Let Birds Flying Across The Expanse – Creation Moments

LET BIRDS FLY ACROSS THE EXPANSE

Genesis 1:20

“And God said, Let the waters bring forth abundantly the moving creature that hath life, and fowl that may fly above the earth in the open firmament of heaven.”

On the fifth day of the Creation Week, God created swarms of sea creatures. He also created flying creatures. In Genesis 1:20, God says: “Let birds fly above the earth across the expanse of the heavens.” The birds were not, in fact, in the firmament. When the KJV translates the phrase as “in the open firmament”, the word open reminds us that the birds are simply seen against the background of the firmament, and are not in it. We heard in the previous Creation Moment that God created whole swarms of sea creatures. It could also be assumed that He created a very large variety of flying creatures.

This brings us to the fact that many translations tell us that God made birds. The KJV refers to fowl. The use of a word other than bird in the KJV is significant. The Hebrew word is ôph (עוֹף). There is another Hebrew word that means birds. It is tsippor(צִפּוֹר). In fact, the word ôph is much wider in meaning than birds and includes all flying creatures. For instance, in Leviticus 11:13-19, the bat is included at the end of a list of birds. But the collective word used in Leviticus 11:13 is ôph, not tsippor. So ôph does not really mean birds – it means flying creatures. Hence, the creation of flying creatures in Genesis 1:20 includes not only birds, but also bats, and, by implication, flying insects also – and pterosaurs – the flying dinosaurs.

Once again, we notice the efficiency and economy of the words used in Genesis 1, which gives far more information than at first we think.  

Prayer: Your wonderful book, the Bible, astonishes us again and again as it explains to us how and why You created this world. Thank You for the wide variety of creatures that You put in the world. Amen.

Ref: Sarfati, J. (2015), The Genesis Account, (Powder Springs, GA: CMI), pp. 223-225. Image: Adobe Stock Images, licensed to author.

©Creation Moments 2019, Used with permission.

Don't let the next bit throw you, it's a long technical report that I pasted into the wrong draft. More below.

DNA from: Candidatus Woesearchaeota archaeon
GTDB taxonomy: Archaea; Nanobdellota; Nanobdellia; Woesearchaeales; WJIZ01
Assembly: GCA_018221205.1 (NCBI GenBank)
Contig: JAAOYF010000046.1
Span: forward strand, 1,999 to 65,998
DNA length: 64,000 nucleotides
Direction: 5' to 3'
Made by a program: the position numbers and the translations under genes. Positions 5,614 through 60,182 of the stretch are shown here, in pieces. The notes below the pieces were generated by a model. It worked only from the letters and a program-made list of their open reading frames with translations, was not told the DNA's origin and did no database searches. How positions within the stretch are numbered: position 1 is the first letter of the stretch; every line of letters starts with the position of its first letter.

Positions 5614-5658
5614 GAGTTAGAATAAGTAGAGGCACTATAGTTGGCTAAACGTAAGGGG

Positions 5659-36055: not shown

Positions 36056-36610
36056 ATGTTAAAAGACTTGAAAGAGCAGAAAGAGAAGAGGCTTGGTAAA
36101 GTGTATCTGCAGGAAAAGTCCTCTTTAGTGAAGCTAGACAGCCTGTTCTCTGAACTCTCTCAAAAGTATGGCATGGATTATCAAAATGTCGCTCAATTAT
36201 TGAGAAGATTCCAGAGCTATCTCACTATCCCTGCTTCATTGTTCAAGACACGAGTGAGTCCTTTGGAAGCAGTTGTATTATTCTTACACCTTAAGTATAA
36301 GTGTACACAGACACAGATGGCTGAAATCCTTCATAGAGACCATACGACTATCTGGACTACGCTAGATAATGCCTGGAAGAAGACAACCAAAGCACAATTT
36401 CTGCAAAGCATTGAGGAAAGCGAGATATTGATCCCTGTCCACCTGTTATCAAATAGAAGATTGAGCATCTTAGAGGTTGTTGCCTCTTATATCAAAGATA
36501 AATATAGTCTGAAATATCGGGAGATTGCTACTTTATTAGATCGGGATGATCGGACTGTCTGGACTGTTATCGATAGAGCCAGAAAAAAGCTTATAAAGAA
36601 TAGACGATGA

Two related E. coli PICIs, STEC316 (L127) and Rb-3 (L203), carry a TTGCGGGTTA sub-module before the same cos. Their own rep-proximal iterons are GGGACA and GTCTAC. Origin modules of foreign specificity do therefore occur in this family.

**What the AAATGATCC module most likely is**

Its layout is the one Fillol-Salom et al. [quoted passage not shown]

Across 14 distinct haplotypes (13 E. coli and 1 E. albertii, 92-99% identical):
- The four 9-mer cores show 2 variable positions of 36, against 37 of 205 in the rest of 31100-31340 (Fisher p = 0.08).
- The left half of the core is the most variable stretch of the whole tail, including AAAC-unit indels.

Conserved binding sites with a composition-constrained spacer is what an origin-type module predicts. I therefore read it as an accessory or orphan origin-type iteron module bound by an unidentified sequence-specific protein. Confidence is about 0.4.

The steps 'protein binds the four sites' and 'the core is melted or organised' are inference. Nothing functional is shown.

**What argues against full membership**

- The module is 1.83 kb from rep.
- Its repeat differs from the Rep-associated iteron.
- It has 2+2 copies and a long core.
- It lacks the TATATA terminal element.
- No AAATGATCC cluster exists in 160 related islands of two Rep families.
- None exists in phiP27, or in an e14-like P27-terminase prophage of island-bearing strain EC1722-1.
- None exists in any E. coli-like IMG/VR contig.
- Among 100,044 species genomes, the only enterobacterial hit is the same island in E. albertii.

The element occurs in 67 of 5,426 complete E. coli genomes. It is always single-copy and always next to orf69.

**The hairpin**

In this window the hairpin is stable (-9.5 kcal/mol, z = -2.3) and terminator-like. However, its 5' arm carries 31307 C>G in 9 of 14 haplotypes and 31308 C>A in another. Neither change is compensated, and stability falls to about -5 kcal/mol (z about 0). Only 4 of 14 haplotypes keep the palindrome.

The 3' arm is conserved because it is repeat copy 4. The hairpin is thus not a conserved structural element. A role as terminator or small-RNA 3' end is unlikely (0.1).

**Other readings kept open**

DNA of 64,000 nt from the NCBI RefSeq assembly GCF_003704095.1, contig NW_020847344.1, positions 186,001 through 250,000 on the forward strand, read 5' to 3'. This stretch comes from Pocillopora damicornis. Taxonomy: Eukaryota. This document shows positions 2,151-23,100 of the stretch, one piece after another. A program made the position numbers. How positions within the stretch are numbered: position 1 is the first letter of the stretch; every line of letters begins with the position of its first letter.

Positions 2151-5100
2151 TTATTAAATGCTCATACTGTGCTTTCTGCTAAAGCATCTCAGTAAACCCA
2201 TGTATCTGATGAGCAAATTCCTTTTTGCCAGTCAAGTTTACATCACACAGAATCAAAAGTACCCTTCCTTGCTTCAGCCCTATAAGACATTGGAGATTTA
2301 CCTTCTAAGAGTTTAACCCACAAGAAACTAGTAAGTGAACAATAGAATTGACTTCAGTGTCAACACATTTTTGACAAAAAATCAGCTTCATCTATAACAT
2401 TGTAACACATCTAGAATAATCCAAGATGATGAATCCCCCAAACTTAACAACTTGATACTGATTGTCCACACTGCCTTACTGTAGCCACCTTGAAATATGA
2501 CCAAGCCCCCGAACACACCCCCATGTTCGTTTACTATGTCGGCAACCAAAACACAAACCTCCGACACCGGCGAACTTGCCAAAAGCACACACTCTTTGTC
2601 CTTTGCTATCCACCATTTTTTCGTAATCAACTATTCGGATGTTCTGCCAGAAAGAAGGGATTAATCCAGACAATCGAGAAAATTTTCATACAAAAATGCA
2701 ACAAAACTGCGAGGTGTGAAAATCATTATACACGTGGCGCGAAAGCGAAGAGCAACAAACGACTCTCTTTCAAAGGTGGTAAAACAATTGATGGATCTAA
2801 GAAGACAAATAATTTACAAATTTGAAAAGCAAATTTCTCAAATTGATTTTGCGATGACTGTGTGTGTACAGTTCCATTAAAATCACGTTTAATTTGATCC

A very interesting study of the creation of the “fowls/birds.” Would make for a good BIrds of the Bible article, but they beat me to it. :)

Bible Birds – The Bat?

 

Giant Fruit Bat at Cincinnati Zoo 9-5-13 by Dan

Giant Fruit Bat at Cincinnati Zoo by Dan

And the stork, the heron after her kind, and the lapwing, and the bat. All fowls that creep, going upon all four, shall be an abomination unto you. Yet these may ye eat of every flying creeping thing that goeth upon all four, which have legs above their feet, to leap withal upon the earth; Even these of them ye may eat; the locust after his kind, and the bald locust after his kind, and the beetle after his kind, and the grasshopper after his kind. But all other flying creeping things, which have four feet, shall be an abomination unto you.
(Leviticus 11:19-23 KJV)

While we were at the Cincinnati Zoo, we were able to see and photograph several Bat species. They were really cool and I wanted to share them with you.

Giant Fruit Bat at Cincinnati Zoo 9-5-13 by Lee

Giant Fruit Bat at Cincinnati Zoo by Lee

Then I remembered that I had written about them in Birds of the Bible – The Bat?, in 2010. That article was about the controversy over whether a Bat is a Bird. This time, I am mainly sharing the photos of the Bats that are there at the Zoo and comments about them. Just one personal observation about the above verses. The use of “fowl” in the King James Version and some of the others seems to refer to any creature that had wings and flies. I quoted the whole context because; 1) The verse and chapter separations were inserted later, 2) Birds, bats, and insects all seem to be referred to with the same collective term, “fowl.” I do not have a problem with the bat. It is not a bird.